CardioMind, a Sunnyvale, Calif., developer of artery-opening stents, said it launched the first human tests of its experimental product. That milestone triggered the release of $22 million — a second tranche of a $33 million funding the company initially reported last July.
The CardioMind stents are designed to treat blockages in smaller blood vessels. The company claims that its Sparrow system is 70 percent smaller in diameter than any stents currently on the market, potentially making it possible for cardiologists to snake the drug-coated, expandable mesh tubes into blood vessels that are 2.3 millimeters wide or smaller. The study will test both drug-coated and bare-metal versions of the Sparrow stents against a competing stent in 220 patients.
Stents have been in the news a lot over the past year, after initial studies suggested that they aren’t any more effective than drug treatment in patients suffering chest pain and that drug-coated stents designed to prevent the formation of scar tissue might instead contribute to dangerous blood clots. Additional research has since muddied those findings further, although initial concerns sent stent sales plunging 37 percent last year at large manufacturers like Boston Scientific and Johnson & Johnson.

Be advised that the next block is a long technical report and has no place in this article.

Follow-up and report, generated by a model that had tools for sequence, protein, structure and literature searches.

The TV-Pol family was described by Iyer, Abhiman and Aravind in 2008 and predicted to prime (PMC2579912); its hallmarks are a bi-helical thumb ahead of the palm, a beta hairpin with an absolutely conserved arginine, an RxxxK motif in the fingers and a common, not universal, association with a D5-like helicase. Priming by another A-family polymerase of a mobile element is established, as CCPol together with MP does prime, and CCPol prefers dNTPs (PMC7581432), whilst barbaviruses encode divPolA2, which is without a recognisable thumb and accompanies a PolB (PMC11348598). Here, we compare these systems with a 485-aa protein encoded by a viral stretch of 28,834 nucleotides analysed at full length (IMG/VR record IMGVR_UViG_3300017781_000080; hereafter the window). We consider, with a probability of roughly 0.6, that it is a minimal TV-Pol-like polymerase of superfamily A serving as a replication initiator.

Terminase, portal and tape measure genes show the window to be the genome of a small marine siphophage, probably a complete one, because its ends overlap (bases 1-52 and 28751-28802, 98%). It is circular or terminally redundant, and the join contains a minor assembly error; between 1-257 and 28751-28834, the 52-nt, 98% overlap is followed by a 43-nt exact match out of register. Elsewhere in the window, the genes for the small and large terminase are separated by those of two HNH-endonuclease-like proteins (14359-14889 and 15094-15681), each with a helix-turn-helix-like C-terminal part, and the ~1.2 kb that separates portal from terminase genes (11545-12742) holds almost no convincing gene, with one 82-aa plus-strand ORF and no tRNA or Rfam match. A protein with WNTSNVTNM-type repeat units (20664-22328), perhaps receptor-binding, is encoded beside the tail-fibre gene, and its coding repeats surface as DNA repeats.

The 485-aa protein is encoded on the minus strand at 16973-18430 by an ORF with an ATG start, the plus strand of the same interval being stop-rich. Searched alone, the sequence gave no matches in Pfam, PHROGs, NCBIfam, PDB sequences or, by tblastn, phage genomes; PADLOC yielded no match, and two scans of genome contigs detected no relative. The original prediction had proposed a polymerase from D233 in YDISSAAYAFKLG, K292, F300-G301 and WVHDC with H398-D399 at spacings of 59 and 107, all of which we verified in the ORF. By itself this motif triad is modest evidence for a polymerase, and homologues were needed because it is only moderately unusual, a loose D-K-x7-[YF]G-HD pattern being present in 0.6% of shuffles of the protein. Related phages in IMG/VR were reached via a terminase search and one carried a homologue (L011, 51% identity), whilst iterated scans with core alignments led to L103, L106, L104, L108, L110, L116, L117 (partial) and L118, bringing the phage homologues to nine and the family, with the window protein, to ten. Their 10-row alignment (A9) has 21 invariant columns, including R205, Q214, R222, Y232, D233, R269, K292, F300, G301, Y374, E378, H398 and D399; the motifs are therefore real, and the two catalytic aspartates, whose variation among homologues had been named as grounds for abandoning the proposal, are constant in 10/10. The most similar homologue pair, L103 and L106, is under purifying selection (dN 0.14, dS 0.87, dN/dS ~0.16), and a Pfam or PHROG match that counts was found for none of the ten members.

Using stents to open up “peripheral” blood vessels such as those in the legs has grown more popular in recent years — and small wonder, given that such procedures could pull in a staggering $1.2 billion by 2012, according to a 2006 market-research report by Frost & Sullivan. To the best of my knowledge, however, there isn’t yet any clinical evidence that stent treatment is any more effective in treating peripheral vascular disease than other therapies.